If you’re looking to teach abroad, chances are you’ve already stumbled upon these two terms on your job hunt.
They may sound similar at first glance, but they offer different possibilities for teachers.
Feeling lost over which certification path to take? Or, are you wondering what these acronyms even mean?
That brings us to the most important question of all: do you need a TEFL or a TESOL certification!??
Don’t worry, we’ll get you up to speed in this short guide.
We’ll unpack essential information about each of these certifications, starting from the basics to the key differences between TEFL vs. TESOL and which option is best for you based on your goals as a teacher.
Let’s dive in!
What is TEFL?
Alright, first things first. What does TEFL mean?
TEFL stands for “Teaching English as a Foreign Language”. It’s the globally accepted qualification for teaching English abroad (or online) English, as second language English-speaking students (both children and adults).
Most hiring schools look for candidates with a TEFL certification on their resumes. So it’s likely you’ve seen this pop up a few times.
The bottom line is, that some schools require it, while others prefer it. Either way, it’s known as a desirable certification that can help you land teaching jobs abroad quicker.
You’ll likely see this term crop up time and time again during your hunt for a teaching job overseas.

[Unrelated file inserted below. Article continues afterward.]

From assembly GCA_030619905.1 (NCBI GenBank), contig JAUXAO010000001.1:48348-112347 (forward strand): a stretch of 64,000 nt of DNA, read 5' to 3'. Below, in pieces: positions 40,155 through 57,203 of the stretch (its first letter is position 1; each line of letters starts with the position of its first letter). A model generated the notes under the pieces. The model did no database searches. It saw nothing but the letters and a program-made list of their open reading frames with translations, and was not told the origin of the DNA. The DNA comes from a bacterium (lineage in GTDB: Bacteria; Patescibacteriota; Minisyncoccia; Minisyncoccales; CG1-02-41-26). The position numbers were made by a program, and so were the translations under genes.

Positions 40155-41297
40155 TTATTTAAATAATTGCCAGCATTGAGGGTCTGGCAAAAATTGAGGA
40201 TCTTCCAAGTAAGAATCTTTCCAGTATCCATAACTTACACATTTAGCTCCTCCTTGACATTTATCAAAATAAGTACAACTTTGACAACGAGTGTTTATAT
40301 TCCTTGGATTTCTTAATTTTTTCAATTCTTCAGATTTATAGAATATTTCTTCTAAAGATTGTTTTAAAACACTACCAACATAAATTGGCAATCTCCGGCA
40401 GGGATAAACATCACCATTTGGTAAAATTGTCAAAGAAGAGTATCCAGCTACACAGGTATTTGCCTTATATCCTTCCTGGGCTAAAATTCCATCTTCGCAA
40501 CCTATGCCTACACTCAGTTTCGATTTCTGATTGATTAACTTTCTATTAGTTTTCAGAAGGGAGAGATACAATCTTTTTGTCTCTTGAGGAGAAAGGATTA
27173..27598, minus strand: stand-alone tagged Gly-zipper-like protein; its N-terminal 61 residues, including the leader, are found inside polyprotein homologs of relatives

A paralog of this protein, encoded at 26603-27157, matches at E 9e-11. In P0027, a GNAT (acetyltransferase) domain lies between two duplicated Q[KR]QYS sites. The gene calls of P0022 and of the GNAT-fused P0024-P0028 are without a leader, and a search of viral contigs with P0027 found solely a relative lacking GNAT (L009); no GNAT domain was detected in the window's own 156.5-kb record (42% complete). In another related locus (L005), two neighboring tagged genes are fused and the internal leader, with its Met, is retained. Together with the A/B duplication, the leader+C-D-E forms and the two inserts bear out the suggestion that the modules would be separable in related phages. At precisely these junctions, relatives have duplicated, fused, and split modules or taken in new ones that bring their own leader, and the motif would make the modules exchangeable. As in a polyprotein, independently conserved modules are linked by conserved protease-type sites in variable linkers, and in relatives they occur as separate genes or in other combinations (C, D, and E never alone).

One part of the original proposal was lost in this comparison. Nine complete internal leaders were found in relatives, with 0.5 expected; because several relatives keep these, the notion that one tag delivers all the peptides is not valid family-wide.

Once you’re TEFL certified, you’ll be eligible to apply for teaching jobs in any non-English speaking country.
What is TESOL?
Now let’s take a closer look into the meaning of TESOL.
TESOL means “Teachers of English to Speakers of Other Languages”.
This is the certification you need if you want to teach English to non-native speakers in your home country, as well as abroad.
This option is great for teachers who are absolutely sure that they want to teach English at home where their students will be fully immersed in the language inside and outside of class.
On the flip side, if you want to teach abroad, the only caveat is that it’s a newer qualification, so it isn’t as well known by overseas employers in comparison to TEFL.
If you want to teach in the US or Canada, it’s important to note that only a 250-hour certification course can qualify you to teach in North America. Anything less than 250 hours will only qualify you to teach overseas.
TEFL vs. TESOL certification comparison
Now that you know the basics, it’s time to see how these two certifications stack up against each other.
As you see here, there are some key differences between these certifications.
The main difference is that TEFL is for teaching English abroad and TESOL is designed specifically for teaching English at home.
Also, the amount of time and work needed to get certified is also different.
TEFL is a lot lighter in terms of coursework and can be completed in around 100-150 hours in comparison to TESOL, which is far more intensive and requires around 150-650 hours of coursework.